Aug 13, 2022Kuina-chan


This is the tutorial 2 to learn the basic features of Kuin Programming Language for exe execution environment. This time, let's make a program that rolls dice.

1Creating A Window

First, let's display the window. Start Kuin (or create a new source code), and click "main And An Empty Window" from (1) in Figure 1-1 to insert the code.
Snippet
Figure 1-1: Snippet
The code in Figure 1-2 should now be inserted.
  1. var wndMain: wnd@Wnd
  2.  
  3. func main()
  4.   do @wndMain :: wnd@makeWnd(null, %normal, 800, 450, "Title")
  5.  
  6.   while(wnd@act())
  7.   end while
  8. end func
Figure 1-2: Program To Display An Empty Window
This program is designed to simply display a window, and if you write each character without clicking on (1) earlier, you will get the same result.
The previous (1) is a feature that allows you to quickly insert a program that you often write, which is called a snippet. You can register your own favorite program as a snippet, so use it conveniently.
If you do "Compile & Run" on this program in window mode, it will look like Figure 1-3.
Show Window
Figure 1-3: Show Window
Now, I will explain the contents of the program. In Kuin, the lines sandwiched between "func main()" and "end func" will be executed in order from the top (Figure 1-4).
  1. var wndMain: wnd@Wnd
  2.  
  3. func main()
  4.   do @wndMain :: wnd@makeWnd(null, %normal, 800, 450, "Title")
  5.  
  6.   while(wnd@act())
  7.   end while
  8. end func
Figure 1-4: Program To Display An Empty Window (2)
In other words, lines 4-7 will be executed and this program will be terminated.
The 4th line, "wnd@makeWnd(...)", is a command to create a window. The parentheses are separated by commas and contain, respectively, parent window, behavior when resized, width, height, and text to display in title. If there is no parent window, write null like this.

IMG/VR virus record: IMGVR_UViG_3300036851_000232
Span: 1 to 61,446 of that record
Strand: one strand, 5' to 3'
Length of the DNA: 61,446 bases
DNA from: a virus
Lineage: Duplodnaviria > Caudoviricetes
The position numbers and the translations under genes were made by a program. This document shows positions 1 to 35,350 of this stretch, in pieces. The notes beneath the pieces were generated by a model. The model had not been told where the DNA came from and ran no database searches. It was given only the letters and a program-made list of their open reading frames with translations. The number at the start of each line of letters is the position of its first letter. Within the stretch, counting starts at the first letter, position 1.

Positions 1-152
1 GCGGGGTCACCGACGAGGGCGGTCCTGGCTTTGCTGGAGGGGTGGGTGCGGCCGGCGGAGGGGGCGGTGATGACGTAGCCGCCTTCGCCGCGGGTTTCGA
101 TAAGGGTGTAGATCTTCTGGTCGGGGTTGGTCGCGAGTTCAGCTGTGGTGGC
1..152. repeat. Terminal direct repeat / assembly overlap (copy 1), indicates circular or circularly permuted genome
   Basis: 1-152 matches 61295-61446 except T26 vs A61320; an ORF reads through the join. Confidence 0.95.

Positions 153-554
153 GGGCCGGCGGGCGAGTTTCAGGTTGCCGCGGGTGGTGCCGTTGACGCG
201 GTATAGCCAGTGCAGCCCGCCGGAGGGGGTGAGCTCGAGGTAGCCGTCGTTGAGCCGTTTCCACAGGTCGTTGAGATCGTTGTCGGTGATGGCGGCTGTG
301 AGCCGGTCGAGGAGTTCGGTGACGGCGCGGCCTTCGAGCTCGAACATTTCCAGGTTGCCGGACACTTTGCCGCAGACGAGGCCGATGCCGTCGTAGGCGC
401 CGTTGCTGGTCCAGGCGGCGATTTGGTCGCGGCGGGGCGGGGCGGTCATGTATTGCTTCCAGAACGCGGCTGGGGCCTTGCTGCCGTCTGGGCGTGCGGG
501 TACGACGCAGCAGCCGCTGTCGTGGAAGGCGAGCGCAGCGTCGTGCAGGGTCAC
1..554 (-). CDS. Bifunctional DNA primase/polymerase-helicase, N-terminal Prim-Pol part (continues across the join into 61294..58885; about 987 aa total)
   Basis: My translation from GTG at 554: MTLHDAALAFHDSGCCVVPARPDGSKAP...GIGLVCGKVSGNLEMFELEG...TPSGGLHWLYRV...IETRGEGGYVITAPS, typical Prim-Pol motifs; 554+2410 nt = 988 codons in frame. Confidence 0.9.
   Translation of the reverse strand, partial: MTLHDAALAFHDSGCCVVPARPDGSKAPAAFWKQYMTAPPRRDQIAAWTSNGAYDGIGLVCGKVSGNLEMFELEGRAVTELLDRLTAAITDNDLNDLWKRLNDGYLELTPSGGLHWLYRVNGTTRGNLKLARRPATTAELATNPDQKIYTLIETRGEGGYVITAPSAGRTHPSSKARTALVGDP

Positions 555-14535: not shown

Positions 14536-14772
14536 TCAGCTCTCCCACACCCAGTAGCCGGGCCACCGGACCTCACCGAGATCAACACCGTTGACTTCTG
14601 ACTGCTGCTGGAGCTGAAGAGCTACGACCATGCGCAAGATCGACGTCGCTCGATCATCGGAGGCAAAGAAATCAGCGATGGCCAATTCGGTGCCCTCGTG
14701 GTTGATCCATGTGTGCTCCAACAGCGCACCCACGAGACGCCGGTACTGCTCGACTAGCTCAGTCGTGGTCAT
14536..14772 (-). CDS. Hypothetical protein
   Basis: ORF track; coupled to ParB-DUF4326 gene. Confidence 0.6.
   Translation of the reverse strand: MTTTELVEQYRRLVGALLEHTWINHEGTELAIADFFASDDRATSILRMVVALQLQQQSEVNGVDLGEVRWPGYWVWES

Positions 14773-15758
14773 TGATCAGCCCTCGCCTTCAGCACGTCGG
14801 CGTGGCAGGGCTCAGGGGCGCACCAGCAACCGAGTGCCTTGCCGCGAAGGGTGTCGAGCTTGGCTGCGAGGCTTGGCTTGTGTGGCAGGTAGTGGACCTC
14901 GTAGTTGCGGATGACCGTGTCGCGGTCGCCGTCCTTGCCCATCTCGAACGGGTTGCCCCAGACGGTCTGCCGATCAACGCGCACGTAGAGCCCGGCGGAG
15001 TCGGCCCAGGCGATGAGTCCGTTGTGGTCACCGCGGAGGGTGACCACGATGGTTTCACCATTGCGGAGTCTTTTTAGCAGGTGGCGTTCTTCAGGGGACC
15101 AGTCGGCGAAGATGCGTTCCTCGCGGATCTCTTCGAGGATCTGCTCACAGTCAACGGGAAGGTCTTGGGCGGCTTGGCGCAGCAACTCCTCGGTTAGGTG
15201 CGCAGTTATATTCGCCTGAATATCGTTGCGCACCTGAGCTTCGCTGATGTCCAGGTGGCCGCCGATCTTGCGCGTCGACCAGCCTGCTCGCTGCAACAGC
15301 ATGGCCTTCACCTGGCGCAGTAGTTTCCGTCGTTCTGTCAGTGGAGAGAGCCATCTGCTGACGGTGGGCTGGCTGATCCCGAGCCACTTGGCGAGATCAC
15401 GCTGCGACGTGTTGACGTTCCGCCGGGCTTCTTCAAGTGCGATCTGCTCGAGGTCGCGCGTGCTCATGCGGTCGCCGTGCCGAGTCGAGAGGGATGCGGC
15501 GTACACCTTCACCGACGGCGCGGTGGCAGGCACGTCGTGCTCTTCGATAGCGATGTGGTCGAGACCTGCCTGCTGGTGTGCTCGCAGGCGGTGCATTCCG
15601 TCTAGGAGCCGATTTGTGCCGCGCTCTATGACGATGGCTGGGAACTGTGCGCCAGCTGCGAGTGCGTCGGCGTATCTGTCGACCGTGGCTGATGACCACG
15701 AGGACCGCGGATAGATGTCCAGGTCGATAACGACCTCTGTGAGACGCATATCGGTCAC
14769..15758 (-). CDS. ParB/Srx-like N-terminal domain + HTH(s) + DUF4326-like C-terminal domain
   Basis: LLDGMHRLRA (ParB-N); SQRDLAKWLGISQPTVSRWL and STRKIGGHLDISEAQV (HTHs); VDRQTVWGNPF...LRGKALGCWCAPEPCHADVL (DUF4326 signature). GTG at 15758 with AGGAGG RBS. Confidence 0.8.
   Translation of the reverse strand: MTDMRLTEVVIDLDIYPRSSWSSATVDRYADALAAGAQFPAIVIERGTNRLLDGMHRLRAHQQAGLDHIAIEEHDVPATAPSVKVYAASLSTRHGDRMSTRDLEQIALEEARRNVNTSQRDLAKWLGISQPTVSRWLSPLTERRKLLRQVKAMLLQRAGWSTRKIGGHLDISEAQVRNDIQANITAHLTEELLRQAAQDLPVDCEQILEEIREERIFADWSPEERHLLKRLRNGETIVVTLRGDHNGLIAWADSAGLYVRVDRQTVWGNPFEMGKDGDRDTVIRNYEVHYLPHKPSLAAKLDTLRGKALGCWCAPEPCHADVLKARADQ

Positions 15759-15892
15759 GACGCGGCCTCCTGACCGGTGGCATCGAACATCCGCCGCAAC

The created window is assigned to a variable named @wndMain by writing "do @wndMain ::". A variable is like a box, you can put values in it and read the values it contains. The "::" is an assignment operator, which means it assigns the value on the right side of the "::" to the variable on the left.
Variables must be created in advance before use. In this @wndMain, a variable is created on the first line. By writing "var Variable Name: Type Name", a variable with that name and type will be created.
A type indicates what kind of values can be stored in the variable. For example, an integer type can only contain an integer, and a character type can only contain a character. The wnd@Wnd type in this program is the type that a window is contained in.
Now, all that remains is the 6th or 7th line of the program (Figure 1-5).
  1. var wndMain: wnd@Wnd
  2.  
  3. func main()
  4.   do @wndMain :: wnd@makeWnd(null, %normal, 800, 450, "Title")
  5.  
  6.   while(wnd@act())
  7.   end while
  8. end func
Figure 1-5: Program To Display An Empty Window (3)
Lines 6-7 are the process to prevent this program from exiting until the window is closed.